The founding of American citizenship implicitly relied upon the denial of citizenship to those of African descent. This was most expediently achieved through the collective negative imaging of blacks. Historians comment that blacks were perceived as too immature, unsophisticated, and intellectually inferior to properly exercise the rights granted to citizens, including the right to vote, receive fair wages, contract, and express individual autonomy (Du Bois 1903, Bennett 1999, Painter 1996, Wade 1964).

William H. Harris, in his 1982 work The Harder We Run: Black Workers since the Civil War , comments on the economic rights associated with fair wages and labor. Harris observes that the need for black labor was apparent, but that blacks were pacified with diminutive wages, treating them not as respected, adult laborers. Harris also comments that when blacks were inclined to strike in protest of their punitive treatment, whites were known to respond with violence. They were considered an “inferior class of beings” who had to be “subjugated by the dominant race,” holding no rights except those the government might choose to give them (from majority decision of Dred Scott v. Sandford , 60 U.S. 393,1856).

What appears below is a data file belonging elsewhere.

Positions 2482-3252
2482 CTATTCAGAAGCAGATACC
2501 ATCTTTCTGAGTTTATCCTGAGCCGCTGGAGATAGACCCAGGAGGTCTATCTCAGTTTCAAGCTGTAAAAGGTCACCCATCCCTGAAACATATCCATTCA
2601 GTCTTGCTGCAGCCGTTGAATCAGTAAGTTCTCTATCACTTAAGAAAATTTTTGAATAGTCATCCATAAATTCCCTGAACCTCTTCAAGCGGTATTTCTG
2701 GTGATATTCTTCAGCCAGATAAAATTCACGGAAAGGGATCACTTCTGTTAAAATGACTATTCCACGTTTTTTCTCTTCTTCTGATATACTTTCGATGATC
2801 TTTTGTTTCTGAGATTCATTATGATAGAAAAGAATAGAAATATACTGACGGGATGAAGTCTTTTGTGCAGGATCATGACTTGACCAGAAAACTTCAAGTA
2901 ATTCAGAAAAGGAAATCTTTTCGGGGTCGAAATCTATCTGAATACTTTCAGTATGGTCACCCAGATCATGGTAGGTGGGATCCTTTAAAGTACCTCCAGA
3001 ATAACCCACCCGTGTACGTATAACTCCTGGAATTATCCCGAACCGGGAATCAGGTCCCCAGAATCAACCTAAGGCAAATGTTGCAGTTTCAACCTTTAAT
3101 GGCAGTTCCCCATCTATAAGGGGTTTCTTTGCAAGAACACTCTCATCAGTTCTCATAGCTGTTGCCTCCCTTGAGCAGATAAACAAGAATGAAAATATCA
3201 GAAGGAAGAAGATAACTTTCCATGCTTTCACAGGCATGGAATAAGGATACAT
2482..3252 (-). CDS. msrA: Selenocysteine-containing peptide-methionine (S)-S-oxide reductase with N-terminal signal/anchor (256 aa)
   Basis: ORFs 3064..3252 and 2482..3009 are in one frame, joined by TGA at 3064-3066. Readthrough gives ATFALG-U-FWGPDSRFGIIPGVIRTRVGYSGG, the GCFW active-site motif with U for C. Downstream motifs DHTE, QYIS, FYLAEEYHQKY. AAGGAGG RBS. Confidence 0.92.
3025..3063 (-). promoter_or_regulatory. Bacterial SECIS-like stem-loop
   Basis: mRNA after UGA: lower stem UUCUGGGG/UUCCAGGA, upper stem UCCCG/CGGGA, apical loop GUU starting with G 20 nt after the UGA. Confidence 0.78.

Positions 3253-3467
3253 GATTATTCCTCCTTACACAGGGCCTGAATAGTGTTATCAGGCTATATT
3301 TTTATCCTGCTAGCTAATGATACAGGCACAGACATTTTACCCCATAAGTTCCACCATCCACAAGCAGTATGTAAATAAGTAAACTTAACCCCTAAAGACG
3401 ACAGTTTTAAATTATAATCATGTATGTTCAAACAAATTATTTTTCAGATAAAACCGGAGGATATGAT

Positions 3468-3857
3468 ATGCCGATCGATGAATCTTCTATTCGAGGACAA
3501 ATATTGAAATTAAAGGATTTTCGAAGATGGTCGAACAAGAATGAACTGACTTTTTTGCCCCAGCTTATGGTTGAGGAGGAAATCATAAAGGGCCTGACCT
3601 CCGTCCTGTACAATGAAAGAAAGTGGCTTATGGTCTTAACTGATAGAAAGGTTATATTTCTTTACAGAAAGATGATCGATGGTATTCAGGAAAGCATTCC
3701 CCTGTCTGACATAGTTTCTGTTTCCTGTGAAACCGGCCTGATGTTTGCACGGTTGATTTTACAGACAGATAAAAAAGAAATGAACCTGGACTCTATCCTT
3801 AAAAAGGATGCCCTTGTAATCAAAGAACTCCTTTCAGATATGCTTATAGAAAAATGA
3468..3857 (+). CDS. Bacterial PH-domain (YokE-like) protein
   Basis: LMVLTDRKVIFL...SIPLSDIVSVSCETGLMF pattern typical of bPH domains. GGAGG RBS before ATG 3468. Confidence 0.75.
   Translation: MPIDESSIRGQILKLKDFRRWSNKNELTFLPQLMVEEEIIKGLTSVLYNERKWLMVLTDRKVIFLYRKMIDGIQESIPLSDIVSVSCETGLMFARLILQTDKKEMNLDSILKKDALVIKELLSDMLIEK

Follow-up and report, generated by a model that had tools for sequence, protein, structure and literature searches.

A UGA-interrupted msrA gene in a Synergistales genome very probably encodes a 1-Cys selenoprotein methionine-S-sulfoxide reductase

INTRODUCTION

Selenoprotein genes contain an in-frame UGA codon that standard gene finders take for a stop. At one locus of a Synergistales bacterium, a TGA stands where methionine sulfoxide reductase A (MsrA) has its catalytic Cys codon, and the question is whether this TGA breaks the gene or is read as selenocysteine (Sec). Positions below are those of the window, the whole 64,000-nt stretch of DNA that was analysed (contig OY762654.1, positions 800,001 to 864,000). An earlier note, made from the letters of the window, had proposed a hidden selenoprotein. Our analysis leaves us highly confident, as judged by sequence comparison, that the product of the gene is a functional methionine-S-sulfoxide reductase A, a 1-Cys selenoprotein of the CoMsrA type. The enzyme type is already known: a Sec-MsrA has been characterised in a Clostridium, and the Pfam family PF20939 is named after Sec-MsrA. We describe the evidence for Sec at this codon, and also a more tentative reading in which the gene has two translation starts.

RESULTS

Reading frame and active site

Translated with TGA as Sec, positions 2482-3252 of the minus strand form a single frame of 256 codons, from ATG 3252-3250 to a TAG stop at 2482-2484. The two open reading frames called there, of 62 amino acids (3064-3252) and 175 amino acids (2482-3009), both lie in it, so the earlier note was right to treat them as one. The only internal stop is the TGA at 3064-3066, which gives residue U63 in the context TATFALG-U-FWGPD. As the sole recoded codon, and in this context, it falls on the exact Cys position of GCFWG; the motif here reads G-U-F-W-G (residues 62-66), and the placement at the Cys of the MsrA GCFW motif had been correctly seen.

Dred Scott v. Sanford (1856) is, by all measures, the defining antebellum case on citizenship status. In the Dred Scott case, the U.S. Supreme Court determined that persons of African descent were not and could not become citizens of the United States. The Court held that “it is too clear for dispute, that the enslaved African race were not intended to be included, and formed no part of the people who framed and adopted” the Constitution.